Like Tree2Likes

Learn Business German in Hong Kong

Reply
Page 2 of 2 FirstFirst 1 2
  1. #11

    Join Date
    Jun 2004
    Location
    HK
    Posts
    14,593
    Quote Originally Posted by MovingIn07:
    What rubbish. German is a very easy language. Pronunciation follows rules, grammar follows rules, no tones, many similarities in words to English. I've found germanpod101 to be an excellent tool.
    U must be kidding, German is not easy at all, and I speak as a half french,half German. Grammar is a real bitch in German.
    chingleutsch and elle like this.

  2. #12

    Join Date
    Mar 2010
    Posts
    6,140

    That reading tabloids will help.


  3. #13

    Join Date
    Mar 2007
    Location
    Gold Coast Marina
    Posts
    17,939
    Quote Originally Posted by Carlos93:
    before you will be fluent it will takes years at least. maybe you will be retired before you can talk with your clients in german.
    Well I took it for 18 months at school (1 hour a week) and topped up with some of the germanpod101 I'm perfectly capable of holding simple conversations in German. Sufficient to ask directions when hiking, discuss the weather, bargain with shopkeepers and discuss numbers and products, ask for my size, order food in restaurants and discuss what's included or not in hotel room rates. And that's only because that's all I use it for - sure, my grammar may not be perfect but it's good enough and the rules of grammar may be many but they are very regular. I find the pronunciation to be easy - English is derived from Germanic languages so I can easily see why someone French might struggle with it, but a native English speaker? Germans do not speak excessively fast (unlike French and Italians) and do no slur one word into another which helps. It's written in the same alphabet we use, so once you learn the (very regular) pronunciation you can see a completely new word and know how to pronounce it (try that in Chinese - where you have to learn a whole new writing system before you can even understand it and even THEN you have no idea how to pronounce). Anyone sitting in China saying German is hard to learn is nuts.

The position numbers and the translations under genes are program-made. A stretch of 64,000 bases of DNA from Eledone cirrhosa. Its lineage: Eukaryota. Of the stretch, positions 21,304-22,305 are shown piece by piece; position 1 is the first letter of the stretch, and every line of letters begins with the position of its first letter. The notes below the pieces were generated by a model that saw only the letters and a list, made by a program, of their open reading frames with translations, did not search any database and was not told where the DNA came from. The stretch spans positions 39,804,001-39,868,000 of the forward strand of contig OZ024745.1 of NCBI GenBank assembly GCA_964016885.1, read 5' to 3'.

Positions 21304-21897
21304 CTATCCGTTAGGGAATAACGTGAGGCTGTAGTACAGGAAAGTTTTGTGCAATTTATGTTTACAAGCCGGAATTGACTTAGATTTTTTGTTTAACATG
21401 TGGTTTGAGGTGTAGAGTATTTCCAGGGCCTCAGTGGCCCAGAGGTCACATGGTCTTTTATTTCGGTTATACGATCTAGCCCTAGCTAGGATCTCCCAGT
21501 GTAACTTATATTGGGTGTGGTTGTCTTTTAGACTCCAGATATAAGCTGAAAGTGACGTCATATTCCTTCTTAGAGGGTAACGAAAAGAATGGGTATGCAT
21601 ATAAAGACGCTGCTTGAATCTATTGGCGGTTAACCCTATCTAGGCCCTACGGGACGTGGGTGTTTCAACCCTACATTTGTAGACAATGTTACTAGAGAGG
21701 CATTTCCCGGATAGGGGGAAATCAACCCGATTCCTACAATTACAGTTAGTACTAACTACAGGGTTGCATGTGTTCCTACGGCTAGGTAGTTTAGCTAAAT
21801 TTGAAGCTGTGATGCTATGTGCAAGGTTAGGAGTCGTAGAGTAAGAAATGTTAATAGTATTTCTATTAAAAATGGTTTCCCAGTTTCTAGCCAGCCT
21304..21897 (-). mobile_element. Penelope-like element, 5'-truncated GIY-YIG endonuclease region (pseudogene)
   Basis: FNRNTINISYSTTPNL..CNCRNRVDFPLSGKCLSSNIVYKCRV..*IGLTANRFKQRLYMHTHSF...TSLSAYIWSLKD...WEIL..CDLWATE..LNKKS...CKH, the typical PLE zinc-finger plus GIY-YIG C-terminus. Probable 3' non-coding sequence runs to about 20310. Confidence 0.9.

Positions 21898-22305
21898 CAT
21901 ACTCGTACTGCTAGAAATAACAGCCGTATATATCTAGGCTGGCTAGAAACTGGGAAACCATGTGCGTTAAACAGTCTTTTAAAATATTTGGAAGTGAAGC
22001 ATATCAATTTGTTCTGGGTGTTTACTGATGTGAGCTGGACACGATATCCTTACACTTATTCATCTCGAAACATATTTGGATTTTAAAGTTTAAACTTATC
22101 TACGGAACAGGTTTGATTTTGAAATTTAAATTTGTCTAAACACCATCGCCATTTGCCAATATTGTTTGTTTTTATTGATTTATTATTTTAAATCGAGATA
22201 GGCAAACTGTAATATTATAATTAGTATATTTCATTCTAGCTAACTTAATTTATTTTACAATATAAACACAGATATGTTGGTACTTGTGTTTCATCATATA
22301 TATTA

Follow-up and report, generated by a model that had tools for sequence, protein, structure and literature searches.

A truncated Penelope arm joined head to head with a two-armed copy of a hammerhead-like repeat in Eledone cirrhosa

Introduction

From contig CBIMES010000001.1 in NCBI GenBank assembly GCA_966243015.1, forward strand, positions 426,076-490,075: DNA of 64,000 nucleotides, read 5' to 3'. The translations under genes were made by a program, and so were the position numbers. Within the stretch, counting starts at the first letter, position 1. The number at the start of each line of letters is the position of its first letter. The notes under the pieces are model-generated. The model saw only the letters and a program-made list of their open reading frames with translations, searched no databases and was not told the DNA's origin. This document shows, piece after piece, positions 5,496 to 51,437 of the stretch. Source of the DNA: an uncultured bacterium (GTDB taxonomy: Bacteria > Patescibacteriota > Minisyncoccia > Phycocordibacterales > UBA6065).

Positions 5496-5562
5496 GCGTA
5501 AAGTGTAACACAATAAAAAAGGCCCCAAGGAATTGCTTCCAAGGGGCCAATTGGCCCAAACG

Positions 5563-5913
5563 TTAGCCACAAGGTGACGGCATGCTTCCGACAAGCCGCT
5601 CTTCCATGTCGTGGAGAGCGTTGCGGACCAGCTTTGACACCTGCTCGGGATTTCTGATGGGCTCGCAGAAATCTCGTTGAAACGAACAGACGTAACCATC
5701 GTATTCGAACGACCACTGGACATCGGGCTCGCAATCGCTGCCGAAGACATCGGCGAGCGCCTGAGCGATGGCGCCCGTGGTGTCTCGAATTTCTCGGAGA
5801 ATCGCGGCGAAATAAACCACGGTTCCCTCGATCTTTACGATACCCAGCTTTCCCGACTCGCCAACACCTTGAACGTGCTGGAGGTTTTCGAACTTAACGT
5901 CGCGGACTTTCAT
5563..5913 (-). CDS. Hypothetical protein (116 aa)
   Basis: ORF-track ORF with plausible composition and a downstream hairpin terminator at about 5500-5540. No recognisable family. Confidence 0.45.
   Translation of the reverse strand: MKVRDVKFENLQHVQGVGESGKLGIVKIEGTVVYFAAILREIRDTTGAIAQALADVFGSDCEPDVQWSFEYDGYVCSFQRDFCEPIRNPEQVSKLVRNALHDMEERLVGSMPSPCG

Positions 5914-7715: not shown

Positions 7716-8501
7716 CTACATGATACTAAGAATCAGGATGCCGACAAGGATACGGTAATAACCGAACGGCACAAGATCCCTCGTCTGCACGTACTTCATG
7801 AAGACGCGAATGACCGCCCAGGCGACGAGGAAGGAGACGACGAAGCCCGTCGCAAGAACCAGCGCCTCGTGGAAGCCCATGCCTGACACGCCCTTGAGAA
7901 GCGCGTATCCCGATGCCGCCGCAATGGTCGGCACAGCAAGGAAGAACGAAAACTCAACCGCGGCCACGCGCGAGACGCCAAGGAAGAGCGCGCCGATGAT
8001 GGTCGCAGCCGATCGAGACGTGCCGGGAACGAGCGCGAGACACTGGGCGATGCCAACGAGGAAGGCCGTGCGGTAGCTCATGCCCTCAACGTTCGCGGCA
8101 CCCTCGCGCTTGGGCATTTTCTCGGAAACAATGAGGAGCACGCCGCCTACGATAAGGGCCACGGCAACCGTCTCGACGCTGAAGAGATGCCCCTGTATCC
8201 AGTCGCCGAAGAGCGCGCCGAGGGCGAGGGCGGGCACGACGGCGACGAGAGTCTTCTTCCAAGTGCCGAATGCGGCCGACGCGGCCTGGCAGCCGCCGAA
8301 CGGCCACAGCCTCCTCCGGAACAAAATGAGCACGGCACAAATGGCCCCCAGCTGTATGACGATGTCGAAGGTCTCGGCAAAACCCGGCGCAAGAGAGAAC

4. #14

    Join Date
    Mar 2010
    Posts
    6,140

    1."and even THEN you have no idea how to pronounce" , you are slightly wrong, in many instances the radical indicates what it is about and the other part of the character gives some indication as t o the pronunciation, although not about the correct tone.

    2."Anyone sitting in China saying German is hard to learn is nuts."

    You are wrong, big time. ( but we have had this discussion in other threads before )
    a. Anyone includes native speakers of non-Germanic languages.
    e.g. Japanese, why would it be easier for a Japanese to learn German than Chinese ?
    I think it is the other way around.

    Moreover, I think you have not learnt Chinese, so you don't know how difficult or easy it is compared to German. What you do know is that learning German is somewhat easy for you as it is a Germanic language which has many similarities to your native language.